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522 N.W.2d 619 (1994)


No. 94-503.

Supreme Court of Iowa.

October 19, 1994.

*620 Richard H. Zimmermann of Zimmermann Law Office, Iowa City, for appellant.

Douglas Staskal of Brick, Gentry, Bowers, Swartz, Stoltze, Schuling & Levi, P.C., Des Moines, for appellee.


HARRIS, Justice.

This lawyer disciplinary proceeding stems from the same facts that were detailed in Zimmermann v. Iowa District Court, 480 N.W.2d 70 (Iowa 1992). In the prior case Zimmermann successfully challenged a finding of contempt. Zimmermann was charged with violating a district court order. On our certiorari review we found the order was subject to two interpretations. Because one of the interpretations would not have prohibited Zimmermann's conduct, we sustained the writ. But, noting that proof of contempt must be established beyond a reasonable doubt, we pointed out that our decision did not preclude a disciplinary action based on the same conduct. Id. at 74-75.

The present disciplinary action followed and is before us on Zimmermann's appeal from a grievance commission finding that he should be reprimanded for violating DR 7-106(A) of the Iowa code of professional responsibility for lawyers. Zimmermann insists there was no such violation and that a reprimand was inappropriate.

Because the undisputed facts were detailed in our earlier decision a brief outline will suffice here. While representing a mother and her boyfriend in a child-in-need-of-assistance proceeding, Zimmermann filed an application to modify custody. He asked that the court order the child be examined by a named clinical psychologist. The juvenile court referee (under Iowa Code section 602.7103(1) (1993) the office is now called associate juvenile judge) entered an order scheduling a hearing on the application. The order provided: "At this time the court denies the request of counsel for the mother that the child be evaluated by [the named clinical psychologist]."

Zimmermann subsequently visited with the child's guardian, who was the maternal grandmother, and obtained her permission for the child to visit with the named psychologist. The psychologist evaluated the child twice prior to the hearing.

The ethics committee's complaint against Zimmermann alleged he violated DR 2-102(A)(5) and (6) and DR 7-106(A) by arranging the evaluation in spite of the order, or without seeking clarification of the order. The complaint further alleged Zimmermann violated DR 7-104(A)(1) by visiting with the child and the grandmother when he knew both were represented by counsel.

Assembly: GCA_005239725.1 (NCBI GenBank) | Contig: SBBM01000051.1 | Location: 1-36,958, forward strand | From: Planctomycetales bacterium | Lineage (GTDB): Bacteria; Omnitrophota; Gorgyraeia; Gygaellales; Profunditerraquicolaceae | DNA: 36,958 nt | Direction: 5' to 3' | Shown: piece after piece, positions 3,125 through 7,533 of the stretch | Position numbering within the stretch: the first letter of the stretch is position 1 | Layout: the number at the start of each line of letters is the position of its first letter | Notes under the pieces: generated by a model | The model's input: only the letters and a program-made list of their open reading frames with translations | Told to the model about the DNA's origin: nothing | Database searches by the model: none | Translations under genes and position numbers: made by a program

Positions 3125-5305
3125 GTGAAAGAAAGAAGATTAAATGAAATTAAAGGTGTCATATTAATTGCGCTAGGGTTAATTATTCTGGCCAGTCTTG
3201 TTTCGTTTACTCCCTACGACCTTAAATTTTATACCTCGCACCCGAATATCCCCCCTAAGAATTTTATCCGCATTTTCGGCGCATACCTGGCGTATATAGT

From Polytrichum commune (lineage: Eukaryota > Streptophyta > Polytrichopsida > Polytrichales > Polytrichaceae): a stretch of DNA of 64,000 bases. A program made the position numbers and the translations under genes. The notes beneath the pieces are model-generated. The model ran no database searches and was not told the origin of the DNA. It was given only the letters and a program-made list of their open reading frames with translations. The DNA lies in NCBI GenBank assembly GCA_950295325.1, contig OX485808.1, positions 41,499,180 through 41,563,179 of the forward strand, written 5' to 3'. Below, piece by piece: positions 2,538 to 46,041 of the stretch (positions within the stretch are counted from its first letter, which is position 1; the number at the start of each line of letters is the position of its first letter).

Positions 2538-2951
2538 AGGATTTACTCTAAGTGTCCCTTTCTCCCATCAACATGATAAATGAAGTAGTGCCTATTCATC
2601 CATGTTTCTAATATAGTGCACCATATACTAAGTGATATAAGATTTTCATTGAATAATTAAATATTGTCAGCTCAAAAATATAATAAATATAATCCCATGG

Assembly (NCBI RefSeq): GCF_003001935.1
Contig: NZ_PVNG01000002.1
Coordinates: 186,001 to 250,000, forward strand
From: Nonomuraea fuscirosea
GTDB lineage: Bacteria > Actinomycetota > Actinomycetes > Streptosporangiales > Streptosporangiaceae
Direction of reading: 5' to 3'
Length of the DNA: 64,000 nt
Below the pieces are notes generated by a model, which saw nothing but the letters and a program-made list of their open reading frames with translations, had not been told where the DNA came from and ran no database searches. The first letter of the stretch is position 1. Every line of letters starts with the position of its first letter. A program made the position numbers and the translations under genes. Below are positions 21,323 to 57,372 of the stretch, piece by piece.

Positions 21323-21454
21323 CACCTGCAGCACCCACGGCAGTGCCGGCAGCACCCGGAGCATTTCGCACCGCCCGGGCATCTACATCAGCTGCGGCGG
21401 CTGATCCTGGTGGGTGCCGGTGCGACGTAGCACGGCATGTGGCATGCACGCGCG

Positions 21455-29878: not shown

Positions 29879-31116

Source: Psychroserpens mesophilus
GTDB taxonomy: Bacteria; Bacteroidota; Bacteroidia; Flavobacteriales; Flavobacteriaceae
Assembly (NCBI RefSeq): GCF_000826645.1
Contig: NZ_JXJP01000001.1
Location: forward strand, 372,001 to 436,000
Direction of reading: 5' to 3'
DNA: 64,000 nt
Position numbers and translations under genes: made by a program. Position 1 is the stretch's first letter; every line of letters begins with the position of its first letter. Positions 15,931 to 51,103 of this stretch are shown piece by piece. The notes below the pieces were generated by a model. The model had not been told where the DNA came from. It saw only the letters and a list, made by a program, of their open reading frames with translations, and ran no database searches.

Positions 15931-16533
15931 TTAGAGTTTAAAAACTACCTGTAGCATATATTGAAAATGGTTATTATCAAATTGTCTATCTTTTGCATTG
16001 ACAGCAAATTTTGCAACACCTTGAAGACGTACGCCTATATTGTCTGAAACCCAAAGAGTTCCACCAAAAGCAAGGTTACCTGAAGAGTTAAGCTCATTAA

The grievance commission agreed Zimmermann violated DR 7-104(A)(1) and DR 7-106(A) and recommended a reprimand. Zimmermann appeals only from the finding that he violated DR 7-106(A). He contends he did not believe the order was ambiguous so he had no reason to seek a clarification.

He points out that our prior decision found the order was subject to two reasonable interpretations and he asserts he reasonably relied upon his interpretation. He contends the duty of a zealous advocate required that he resolve any doubts in favor of his client (citing EC 7-3).

Zimmermann believes that, if the order was subject to two interpretations, he could act on the basis of a reasonable interpretation that it did not prohibit his challenged conduct. In the prior case, involving the contempt citation, this contention was the basis for a successful challenge to the finding he was in contempt.

The committee however correctly points out that an attorney can be disciplined for all manner of conduct that falls short of contempt. The burden of proof in a lawyer disciplinary case is not beyond a reasonable doubt, but by a convincing preponderance of the evidence. Committee on Professional Ethics & Conduct v. Blomker, 379 N.W.2d 19, 21 (Iowa 1985). The committee is also correct in arguing that an attorney cannot violate, or advise a client to violate, a court order merely because one of two interpretations would allow the challenged conduct, *621 whereas the other interpretation would prohibit it. Faced with an ambiguous order an attorney should seek clarification from the court.

We nevertheless are inclined to agree that Zimmermann should not be disciplined for the violation here. We have no disciplinary rule expressly addressing an attorney's responsibilities under the circumstances and, until the present case, no decision spelling them out. We are, moreover, favorably impressed by Zimmermann's candor and sincerity and note that, at the time in question, he was relatively new in the practice. We think an admonition is sufficient. Unlike a reprimand, an admonition does not amount to discipline. See Committee on Professional Ethics & Conduct v. Liles, 430 N.W.2d 111, 113 (Iowa 1988).

Zimmermann is admonished for violating a court order by conduct clearly prohibited by one interpretation of that order, even though another interpretation might allow the conduct. He is also reprimanded, but only for those violations he does not contest.